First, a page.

Eve Arnold

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Eve Arnold
Eve Arnold.jpg
Eve Cohen

(1912-04-21)April 21, 1912
Philadelphia, Pennsylvania, United States
DiedJanuary 4, 2012(2012-01-04) (aged 99)
London, England, United Kingdom
Spouse(s)Arnold Arnold (divorced)
1 son, Frank[1]

Eve Arnold, OBE, Hon. FRPS (née Cohen; April 21, 1912 – January 4, 2012) was an American photojournalist.[2][3] She joined Magnum Photos agency in 1951, and became a full member in 1957. She was the first woman to join the agency.[4]

Early life and career[edit]

Eve Arnold was born Eve Cohen in Philadelphia, Pennsylvania, the middle of nine children born to immigrant Russian-Jewish parents, William Cohen (born Velvel Sklarski), a rabbi, and his wife, Bessie (Bosya Laschiner). Her interest in photography began in 1946 while working for Kodak in their Fair Lawn NJ photo-finishing plant. Over six weeks in 1948, she learned photographic skills from Harper's Bazaar art director Alexey Brodovitch at the New School for Social Research[5] in Manhattan. She married Arnold Schmitz (later Arnold Arnold) in 1941.

Eve Arnold photographed many of the iconic figures who shaped the second half of the twentieth century, yet she was equally comfortable documenting the lives of the poor and dispossessed, “migrant workers, civil-rights protestors of apartheid in South Africa, disabled Vietnam war veterans and Mongolian herdsmen.”[6] Her joyful picture of a Cuban couple with their child was selected in 1955 for the world-touring Museum of Modern Art exhibition The Family of Man and seen by 9 million visitors.[7] For Arnold, there was no dichotomy: “"I don't see anybody as either ordinary or extraordinary," she said in a 1990 BBC interview, "I see them simply as people in front of my lens.”[8] Arnold was particularly noted for her work using available light, concentrating on the image in the lens and eschewing extensive use of photographic lighting and flash. Of this she said "By the time you set up lights the image is gone" in a Guardian interview in 2000.[9]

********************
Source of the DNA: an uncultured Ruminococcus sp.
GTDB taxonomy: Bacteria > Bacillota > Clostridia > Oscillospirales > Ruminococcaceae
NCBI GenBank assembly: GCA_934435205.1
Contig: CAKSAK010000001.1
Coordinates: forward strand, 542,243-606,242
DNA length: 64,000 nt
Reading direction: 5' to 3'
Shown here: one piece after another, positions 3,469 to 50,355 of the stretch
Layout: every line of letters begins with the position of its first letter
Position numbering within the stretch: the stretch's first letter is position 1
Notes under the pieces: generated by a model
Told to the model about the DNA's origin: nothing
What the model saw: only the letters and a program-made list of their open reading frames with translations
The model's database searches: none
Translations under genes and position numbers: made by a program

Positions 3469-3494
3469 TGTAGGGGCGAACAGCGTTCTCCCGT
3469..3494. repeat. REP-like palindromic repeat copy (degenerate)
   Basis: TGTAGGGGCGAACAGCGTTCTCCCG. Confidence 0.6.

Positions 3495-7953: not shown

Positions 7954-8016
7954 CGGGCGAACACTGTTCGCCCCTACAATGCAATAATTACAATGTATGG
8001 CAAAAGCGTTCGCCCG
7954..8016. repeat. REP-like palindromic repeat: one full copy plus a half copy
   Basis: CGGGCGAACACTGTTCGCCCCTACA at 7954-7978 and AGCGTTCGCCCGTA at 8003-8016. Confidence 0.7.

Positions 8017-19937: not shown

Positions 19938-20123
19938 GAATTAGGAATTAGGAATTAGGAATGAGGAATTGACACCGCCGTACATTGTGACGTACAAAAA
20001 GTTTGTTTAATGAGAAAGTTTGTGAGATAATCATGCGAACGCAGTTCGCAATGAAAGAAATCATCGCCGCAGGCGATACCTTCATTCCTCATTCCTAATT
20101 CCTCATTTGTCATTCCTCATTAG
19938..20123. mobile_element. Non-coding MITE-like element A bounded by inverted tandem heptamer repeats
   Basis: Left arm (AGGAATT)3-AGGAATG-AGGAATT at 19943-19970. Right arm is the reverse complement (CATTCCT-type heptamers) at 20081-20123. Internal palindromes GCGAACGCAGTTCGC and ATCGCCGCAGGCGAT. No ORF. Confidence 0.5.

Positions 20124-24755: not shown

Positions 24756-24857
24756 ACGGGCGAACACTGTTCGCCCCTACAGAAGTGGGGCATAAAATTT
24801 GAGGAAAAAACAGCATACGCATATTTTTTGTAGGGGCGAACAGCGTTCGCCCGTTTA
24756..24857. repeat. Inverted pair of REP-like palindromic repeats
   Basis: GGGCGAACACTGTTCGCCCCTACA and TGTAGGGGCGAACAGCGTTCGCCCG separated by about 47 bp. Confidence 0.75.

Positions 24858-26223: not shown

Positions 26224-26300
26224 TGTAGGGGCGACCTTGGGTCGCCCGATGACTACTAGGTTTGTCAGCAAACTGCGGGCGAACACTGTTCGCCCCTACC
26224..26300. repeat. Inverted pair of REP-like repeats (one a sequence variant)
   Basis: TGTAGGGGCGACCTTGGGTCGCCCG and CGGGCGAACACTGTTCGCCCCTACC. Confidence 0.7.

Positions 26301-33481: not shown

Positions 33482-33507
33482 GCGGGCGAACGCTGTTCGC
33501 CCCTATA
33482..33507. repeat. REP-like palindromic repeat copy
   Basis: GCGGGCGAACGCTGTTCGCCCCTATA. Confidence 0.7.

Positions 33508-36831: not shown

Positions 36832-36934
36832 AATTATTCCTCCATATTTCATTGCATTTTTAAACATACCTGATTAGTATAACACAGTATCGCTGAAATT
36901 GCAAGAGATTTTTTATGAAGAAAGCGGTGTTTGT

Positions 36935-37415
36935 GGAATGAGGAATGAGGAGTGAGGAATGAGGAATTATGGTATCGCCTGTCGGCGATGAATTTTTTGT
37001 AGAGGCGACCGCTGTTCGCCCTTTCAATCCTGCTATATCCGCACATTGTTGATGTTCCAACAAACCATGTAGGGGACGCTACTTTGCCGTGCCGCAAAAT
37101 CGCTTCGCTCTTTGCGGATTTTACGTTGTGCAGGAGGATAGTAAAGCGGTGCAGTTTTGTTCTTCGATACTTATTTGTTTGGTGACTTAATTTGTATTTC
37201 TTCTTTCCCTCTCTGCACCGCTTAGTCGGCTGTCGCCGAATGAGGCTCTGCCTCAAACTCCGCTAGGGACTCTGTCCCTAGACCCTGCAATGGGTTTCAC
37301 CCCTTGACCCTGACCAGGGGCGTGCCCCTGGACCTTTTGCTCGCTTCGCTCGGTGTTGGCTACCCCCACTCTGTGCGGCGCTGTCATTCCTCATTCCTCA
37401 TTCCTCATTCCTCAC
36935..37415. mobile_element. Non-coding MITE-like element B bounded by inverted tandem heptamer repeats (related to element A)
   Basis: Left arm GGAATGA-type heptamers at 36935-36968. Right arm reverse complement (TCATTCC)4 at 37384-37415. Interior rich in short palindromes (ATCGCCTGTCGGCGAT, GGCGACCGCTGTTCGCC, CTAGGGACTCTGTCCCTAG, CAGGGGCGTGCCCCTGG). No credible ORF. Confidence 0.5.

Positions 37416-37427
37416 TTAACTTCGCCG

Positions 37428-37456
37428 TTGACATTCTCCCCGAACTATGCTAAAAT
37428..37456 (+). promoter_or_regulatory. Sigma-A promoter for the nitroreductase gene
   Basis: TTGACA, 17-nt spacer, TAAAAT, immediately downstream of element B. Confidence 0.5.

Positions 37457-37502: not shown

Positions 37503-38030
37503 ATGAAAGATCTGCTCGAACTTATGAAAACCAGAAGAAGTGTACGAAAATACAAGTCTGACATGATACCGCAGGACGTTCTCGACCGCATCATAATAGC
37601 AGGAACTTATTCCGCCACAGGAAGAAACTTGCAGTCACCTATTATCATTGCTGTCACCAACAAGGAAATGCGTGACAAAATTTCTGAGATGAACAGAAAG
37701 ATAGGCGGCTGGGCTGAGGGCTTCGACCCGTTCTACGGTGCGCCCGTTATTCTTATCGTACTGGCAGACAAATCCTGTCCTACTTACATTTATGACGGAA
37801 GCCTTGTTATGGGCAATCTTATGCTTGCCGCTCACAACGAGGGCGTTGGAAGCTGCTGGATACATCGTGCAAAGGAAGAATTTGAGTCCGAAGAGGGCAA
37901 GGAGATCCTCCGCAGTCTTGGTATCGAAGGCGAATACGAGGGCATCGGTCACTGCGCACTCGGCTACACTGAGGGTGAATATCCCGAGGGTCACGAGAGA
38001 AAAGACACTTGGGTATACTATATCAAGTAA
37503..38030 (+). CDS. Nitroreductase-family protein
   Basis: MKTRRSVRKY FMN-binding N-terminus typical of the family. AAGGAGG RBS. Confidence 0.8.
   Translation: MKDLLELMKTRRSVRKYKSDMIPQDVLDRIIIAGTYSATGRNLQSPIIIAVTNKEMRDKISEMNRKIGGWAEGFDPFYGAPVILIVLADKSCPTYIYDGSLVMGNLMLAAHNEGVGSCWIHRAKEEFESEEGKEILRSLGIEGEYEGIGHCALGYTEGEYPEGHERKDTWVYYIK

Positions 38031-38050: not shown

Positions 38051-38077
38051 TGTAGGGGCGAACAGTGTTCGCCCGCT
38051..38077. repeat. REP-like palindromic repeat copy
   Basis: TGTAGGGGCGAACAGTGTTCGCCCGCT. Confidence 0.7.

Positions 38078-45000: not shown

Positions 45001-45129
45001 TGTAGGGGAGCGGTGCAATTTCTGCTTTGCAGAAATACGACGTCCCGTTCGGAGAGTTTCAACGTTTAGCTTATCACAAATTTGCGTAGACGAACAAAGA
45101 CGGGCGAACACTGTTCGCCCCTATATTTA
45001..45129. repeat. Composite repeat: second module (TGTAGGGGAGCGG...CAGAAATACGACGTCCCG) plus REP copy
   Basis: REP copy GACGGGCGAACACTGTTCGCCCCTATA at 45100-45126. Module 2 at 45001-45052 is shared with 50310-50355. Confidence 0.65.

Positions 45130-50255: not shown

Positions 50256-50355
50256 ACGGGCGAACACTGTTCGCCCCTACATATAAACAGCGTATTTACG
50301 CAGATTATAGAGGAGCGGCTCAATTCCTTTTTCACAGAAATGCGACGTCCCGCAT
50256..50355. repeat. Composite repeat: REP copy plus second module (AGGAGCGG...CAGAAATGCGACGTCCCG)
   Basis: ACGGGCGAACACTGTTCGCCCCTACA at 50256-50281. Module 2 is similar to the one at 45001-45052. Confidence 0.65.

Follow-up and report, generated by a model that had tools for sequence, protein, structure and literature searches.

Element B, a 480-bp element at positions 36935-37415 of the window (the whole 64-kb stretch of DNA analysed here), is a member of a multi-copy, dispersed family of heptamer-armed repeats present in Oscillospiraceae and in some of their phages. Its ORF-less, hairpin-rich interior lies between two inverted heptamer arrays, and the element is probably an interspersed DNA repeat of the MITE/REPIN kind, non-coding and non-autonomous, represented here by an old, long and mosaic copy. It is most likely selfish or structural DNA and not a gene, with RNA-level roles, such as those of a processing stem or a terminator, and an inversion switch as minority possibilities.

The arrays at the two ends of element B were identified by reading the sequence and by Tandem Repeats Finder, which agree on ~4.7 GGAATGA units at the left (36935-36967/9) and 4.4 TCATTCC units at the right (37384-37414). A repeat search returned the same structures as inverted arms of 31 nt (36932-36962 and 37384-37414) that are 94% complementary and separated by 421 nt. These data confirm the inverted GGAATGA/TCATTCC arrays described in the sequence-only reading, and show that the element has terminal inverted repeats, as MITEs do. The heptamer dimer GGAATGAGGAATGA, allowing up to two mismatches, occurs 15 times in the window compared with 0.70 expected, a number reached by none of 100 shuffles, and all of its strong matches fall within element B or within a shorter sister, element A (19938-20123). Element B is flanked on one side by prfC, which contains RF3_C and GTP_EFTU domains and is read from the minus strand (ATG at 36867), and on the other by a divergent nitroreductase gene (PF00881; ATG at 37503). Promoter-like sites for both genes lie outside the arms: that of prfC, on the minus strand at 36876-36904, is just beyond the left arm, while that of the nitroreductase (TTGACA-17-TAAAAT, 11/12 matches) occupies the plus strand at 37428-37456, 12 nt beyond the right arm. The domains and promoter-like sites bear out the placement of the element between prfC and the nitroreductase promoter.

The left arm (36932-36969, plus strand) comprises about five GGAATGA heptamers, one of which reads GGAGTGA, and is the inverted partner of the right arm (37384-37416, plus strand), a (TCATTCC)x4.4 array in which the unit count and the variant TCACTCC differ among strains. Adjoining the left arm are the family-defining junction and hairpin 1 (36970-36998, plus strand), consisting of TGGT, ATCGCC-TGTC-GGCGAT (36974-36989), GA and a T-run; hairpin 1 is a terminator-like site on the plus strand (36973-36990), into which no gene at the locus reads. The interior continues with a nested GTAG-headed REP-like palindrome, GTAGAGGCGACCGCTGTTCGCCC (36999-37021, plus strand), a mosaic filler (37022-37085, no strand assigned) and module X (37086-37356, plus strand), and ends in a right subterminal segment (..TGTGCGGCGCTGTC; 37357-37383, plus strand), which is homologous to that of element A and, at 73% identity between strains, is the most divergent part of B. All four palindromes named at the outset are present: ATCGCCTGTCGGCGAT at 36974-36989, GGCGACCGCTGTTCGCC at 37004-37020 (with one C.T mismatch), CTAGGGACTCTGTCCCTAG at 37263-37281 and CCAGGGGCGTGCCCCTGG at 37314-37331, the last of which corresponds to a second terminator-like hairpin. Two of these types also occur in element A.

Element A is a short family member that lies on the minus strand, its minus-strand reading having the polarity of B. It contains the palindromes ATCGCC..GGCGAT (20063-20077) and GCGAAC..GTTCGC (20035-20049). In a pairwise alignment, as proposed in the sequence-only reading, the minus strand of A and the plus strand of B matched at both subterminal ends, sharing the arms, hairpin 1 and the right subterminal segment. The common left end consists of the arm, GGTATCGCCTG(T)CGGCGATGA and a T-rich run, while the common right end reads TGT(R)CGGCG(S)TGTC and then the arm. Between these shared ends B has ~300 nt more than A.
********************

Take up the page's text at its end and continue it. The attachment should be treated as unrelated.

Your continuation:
Arnold's images of Marilyn Monroe on the set of The Misfits (1961) were perhaps her most memorable, but she had taken many photos of Monroe from 1951 onwards. Her previously unseen photos of Monroe were shown at a Halcyon Gallery exhibition in London during May 2005. She also photographed Queen Elizabeth II, Malcolm X, Marlene Dietrich, and Joan Crawford, and traveled around the world, photographing in China, Russia, South Africa and Afghanistan.[10] Arnold left the United States and moved permanently to England in the early 1970s with her son, Francis Arnold. While working for the London Sunday Times, she began to make serious use of color photography.[10]

Later life[edit]

In 1980, she had her first solo exhibition, which featured her photographic work done in China at the Brooklyn Museum in New York City. In the same year, she received the Lifetime Achievement Award from the American Society of Magazine Photographers. In 1993, she was made an Honorary Fellow of the Royal Photographic Society,[11] and elected Master Photographer by New York's International Center of Photography.

She did a series of portraits of American First Ladies.[12] In 1997, she was appointed a member of the Advisory Committee of the National Media Museum (formerly the Museum of Photography, Film & Television) in Bradford, West Yorkshire. She was appointed an Honorary Officer of the Order of the British Empire (OBE) in 2003.[13]